“Mister, I ain’t lookin’ fer no trouble,” I mutters, edgin’ back on my stool.
“Oh, but I assure you, I’m telling the truth.”
“Helen LaTour, the terrific blonde,” I says, meaningful-like.
“The queen of the burly circuit,” I goes on, without realizin’ that I am stretched halfway across the table, shoutin’ into his ear because of a slight argument going on down the bar. “The most luscious hunk of stuff that ever shook a notion to go on the stage,” I enlarges. “Right out of this world,” I finishes up. “Right?”
“Precisely. Right out of this world.”
“In your apartment?”
“In my apartment.”
Now, I figures that maybe he was one of these here not-so-juvenile delinquents what believes that if they can’t have it, they can at least kill it, so I starts edgin’ away, but then I gets a sudden thought.
“You sure the cops ain’t on your trail, bud?”
“No, but if Luigi doesn’t get me, it’s only a matter of time until they will be. After all, anyone such as her, disappearing—”
“I thought she was out of town.”
“No. Just out of this world.”
Them words take on a sinister-like significance, the way he says them. Then he gets up, sober-lookin’ in spite of them Plutonian stingers that would of disintegrated even a Martian.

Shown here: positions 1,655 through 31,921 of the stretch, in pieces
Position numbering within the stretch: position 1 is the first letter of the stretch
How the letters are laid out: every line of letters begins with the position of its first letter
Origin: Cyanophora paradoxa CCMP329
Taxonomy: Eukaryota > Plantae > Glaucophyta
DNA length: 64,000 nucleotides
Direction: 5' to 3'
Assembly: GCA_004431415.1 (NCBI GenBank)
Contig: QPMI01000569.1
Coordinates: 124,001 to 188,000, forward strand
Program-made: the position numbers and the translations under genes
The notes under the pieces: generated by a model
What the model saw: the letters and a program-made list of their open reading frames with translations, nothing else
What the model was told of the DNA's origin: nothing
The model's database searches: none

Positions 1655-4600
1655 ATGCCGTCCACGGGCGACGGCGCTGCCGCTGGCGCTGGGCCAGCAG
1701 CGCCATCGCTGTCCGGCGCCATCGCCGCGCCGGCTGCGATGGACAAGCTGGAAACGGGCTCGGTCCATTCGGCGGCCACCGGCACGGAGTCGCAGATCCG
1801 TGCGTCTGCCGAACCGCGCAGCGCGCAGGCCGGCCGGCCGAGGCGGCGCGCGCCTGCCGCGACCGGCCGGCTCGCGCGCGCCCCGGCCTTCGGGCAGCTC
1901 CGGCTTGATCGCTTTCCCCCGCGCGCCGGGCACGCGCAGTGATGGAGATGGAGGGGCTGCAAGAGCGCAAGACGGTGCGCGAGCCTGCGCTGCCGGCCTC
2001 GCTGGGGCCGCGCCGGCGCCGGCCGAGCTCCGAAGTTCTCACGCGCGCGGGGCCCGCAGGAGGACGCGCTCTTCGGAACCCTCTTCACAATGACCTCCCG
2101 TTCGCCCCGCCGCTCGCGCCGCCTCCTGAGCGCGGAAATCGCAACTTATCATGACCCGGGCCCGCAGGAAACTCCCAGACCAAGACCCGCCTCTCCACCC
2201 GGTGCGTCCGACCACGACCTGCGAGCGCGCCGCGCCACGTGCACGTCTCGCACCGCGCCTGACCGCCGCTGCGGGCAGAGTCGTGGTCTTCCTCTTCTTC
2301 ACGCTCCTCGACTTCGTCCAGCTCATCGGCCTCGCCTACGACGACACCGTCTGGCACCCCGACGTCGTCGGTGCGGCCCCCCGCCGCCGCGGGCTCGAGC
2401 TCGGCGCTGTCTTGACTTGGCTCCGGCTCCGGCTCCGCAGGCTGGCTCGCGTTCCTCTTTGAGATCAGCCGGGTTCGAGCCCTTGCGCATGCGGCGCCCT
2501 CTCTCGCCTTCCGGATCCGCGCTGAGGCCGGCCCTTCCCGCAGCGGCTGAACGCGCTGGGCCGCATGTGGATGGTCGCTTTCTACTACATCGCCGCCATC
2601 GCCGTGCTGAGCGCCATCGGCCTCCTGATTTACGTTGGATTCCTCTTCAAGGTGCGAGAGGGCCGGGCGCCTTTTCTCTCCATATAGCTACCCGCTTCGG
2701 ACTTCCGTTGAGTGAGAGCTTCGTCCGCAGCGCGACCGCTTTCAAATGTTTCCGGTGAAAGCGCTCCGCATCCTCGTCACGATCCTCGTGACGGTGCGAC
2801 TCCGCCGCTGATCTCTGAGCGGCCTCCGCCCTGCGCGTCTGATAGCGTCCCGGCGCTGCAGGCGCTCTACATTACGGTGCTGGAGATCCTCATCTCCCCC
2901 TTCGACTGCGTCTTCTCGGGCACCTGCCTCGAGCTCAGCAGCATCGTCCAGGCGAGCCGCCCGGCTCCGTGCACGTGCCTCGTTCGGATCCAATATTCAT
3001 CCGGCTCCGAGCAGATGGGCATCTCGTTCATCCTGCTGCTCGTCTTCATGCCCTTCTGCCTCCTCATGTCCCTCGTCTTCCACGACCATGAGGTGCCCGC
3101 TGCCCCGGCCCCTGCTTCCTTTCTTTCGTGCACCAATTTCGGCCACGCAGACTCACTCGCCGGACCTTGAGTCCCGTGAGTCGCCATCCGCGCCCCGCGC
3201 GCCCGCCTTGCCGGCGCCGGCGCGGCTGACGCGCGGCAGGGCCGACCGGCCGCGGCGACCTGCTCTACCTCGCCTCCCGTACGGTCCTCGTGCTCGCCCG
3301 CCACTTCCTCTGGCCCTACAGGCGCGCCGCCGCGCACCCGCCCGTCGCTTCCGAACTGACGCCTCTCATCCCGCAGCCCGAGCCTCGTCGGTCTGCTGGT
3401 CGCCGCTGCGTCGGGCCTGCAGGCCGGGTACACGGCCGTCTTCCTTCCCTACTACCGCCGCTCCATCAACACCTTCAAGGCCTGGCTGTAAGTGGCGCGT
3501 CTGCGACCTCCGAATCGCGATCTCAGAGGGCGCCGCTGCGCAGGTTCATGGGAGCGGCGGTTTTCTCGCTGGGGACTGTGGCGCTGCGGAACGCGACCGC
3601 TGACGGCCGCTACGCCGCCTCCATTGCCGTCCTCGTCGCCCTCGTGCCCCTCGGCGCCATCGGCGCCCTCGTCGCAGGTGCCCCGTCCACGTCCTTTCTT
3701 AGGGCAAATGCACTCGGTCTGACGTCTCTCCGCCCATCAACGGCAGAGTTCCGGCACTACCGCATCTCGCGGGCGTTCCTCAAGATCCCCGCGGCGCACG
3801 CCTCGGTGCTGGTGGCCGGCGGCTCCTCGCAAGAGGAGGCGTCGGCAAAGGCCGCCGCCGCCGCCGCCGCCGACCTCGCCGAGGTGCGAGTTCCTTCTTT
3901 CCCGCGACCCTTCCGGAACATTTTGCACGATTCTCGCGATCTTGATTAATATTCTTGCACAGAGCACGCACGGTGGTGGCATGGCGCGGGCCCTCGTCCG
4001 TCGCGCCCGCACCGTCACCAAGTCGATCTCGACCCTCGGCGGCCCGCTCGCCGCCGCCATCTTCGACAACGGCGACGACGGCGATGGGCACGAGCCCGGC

“If you wouldn’t mind running the risk, I’d appreciate your company. I’m going back to my place now. The—ah—refreshments here lack the needed stimulation. I have a much better supply home.”
Now, maybe it was that stinger and the Uranus delight, because under ordinary circumstances I would turn down such a invite from a guy who is no doubt a no-orbit meteorite. But then I realize—he’s invitin’ me to his apartment where, accordin’ to his story, the luscious LaTour, queen of the strip world, has not been seen since. So I gives in.
When we reaches his apartment, he snaps on the lights, like he was nervous somebody might be hidin’ inside, and locks the door tight. I watch close. He leaves the key in the lock, which makes me feel some easier.
He has quite a nice little joint. Not gaudy, but nice. He goes to one bookshelf, presses a button, and a shelf slides back. Inside, he’s got enough wiggle-water to fill all the Martian canals and irrigate the Moon.